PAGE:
We’ve all heard of the phrase ‘gut feeling’ – that intuitive sensation you get about a person or a situation. Indeed, there’s an increasing understanding that the gut works like a ‘second brain’ and indeed, the two systems are closely linked, influencing, and impacting each other. So, when it comes to regulating your mood, gut health testing could be a good place to start.
Your Gut Microbiome and Stress
You gut microbiome is the name given to a collection of trillions of bacteria, fungi and other microbes that live in the intestinal tract. This ecosystem is complex and plays a vital role in your health, working to keep harmful pathogens at bay while helping the body absorb nutrients.
When the body is exposed to stress, it directs all major resources to the muscles and brain, ready to deal with the perceived threat. This, and the related release of cortisol, can have a bad impact on your gut health and, in turn, your mood.
At the same time, if your gut microbiome is imbalanced to start with, your overall mood can be affected. A balanced healthy gut microbe population can improve your ability to withstand stress, but an imbalanced one can make you more prone to mood disorders, such as stress, anxiety, and depression.
The connections between the gut microbiome and mood.
Your gut and brain are linked by the vagus nerve. This major connection enables you to breathe, digest food, and swallow automatically. This nerve is also able to send messages to your brain from your digestive system and vice versa. Scientists have discovered that this connection makes the gut-brain link an important contributor to mental health, illnesses that affect the brain, and even irritable bowel syndrome (IBS). It explains why stress can impact your digestion, causing that feeling of butterflies, cramps, constipation, and diarrhoea, and also in turn, why digestive problems can make you feel unhappy.
What can happen if the gut microbiome is out of balance?
A balanced gut microbiome will still contain some ‘bad’ bacteria, but the numbers of beneficial microbes tend to outweigh them.
When the gut microbiome is balanced and functioning optimally, it is able to support the immune system in helping you to fight illness and infection. But when it’s out of balance, the bad bacteria can start to do harm, leading to inflammation and associated side effects including fatigue and low mood.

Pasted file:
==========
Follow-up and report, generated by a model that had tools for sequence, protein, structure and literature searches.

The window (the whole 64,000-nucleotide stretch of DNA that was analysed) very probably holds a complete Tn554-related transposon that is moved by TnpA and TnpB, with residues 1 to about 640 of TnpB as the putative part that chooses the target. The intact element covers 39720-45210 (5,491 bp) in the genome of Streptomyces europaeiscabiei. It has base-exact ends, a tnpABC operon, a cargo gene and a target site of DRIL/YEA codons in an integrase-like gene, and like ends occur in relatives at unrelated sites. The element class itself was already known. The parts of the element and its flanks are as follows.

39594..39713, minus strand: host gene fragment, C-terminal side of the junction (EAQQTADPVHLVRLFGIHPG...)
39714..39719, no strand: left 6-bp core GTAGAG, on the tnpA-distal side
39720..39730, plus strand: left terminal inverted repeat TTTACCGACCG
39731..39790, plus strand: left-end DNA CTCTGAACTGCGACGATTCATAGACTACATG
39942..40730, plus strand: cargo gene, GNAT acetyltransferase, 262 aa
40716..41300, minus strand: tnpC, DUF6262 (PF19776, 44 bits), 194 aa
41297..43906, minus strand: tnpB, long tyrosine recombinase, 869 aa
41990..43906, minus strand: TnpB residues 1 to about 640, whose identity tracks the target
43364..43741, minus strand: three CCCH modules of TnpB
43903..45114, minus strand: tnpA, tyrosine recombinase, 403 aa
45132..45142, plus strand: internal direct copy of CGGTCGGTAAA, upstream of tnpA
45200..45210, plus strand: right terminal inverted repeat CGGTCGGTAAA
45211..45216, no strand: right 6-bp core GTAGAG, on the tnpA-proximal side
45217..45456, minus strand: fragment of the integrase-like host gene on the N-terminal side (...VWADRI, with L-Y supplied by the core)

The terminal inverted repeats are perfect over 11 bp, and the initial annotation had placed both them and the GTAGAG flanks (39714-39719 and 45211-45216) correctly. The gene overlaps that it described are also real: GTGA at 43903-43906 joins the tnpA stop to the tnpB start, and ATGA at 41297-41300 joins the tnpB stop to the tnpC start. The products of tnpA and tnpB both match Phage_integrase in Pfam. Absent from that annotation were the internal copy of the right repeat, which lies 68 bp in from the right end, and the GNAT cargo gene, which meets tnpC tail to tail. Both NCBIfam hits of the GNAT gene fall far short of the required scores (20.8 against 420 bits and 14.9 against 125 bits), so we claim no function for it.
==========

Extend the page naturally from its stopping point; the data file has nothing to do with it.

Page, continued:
Poor gut health can also negatively impact the body’s ability to produce serotonin – the happy hormone – which helps to regulate your mood. 90% of your serotonin is produced in the gut so if your microbiome is impacted, you may notice quite significant effects to your state of mind.
A diverse diet for better mental health.
To support your health, your gut microbiome needs diversity to help keep it balanced. Eating a diet full of nutrients, vitamins, prebiotics, probiotics, and fibre can encourage a diverse microbiome. This can help control inflammation and in turn, improve both mood and anxiety levels.
How can probiotics help?
Probiotics can help to support human health by keeping the gut ecosystem balanced. By doing so, beneficial bacteria can thrive and contribute to your health and wellbeing.
Probiotic bacteria naturally live in the gut but are also found in supplements and fermented foods, like kefir and yoghurt. Bifidobacterium, Lactobacillus, and Lactococcus species all help support your body and improve mental health.
Keeping your hormones happy.
One of the important functions of your gut microbes is to transform food into short-chain fatty acids. These communicate with cells that produce serotonin – the happy hormone. Serotonin helps to regulate your mood and manage stress and anxiety. The happier your gut, the happier you may feel overall, thanks to the work of those tiny microbes.
Your microbiome and your mood
The link between the microbiome and your mood is quite clear but, it’s important to know that everyone’s microbiome is unique. If yours isn’t balanced, it’s not just a case of eating more yoghurt to fix the issue. Lots of factors can impact the gut microbiome, from diet to stress, smoking and alcohol to sleep. It’s important to look at your gut health holistically, understanding all the things that can be influencing how it functions, as well as understanding the current landscape of your microbiome and exactly who is living there. The Blue Horizon Microbiome Test can help address this.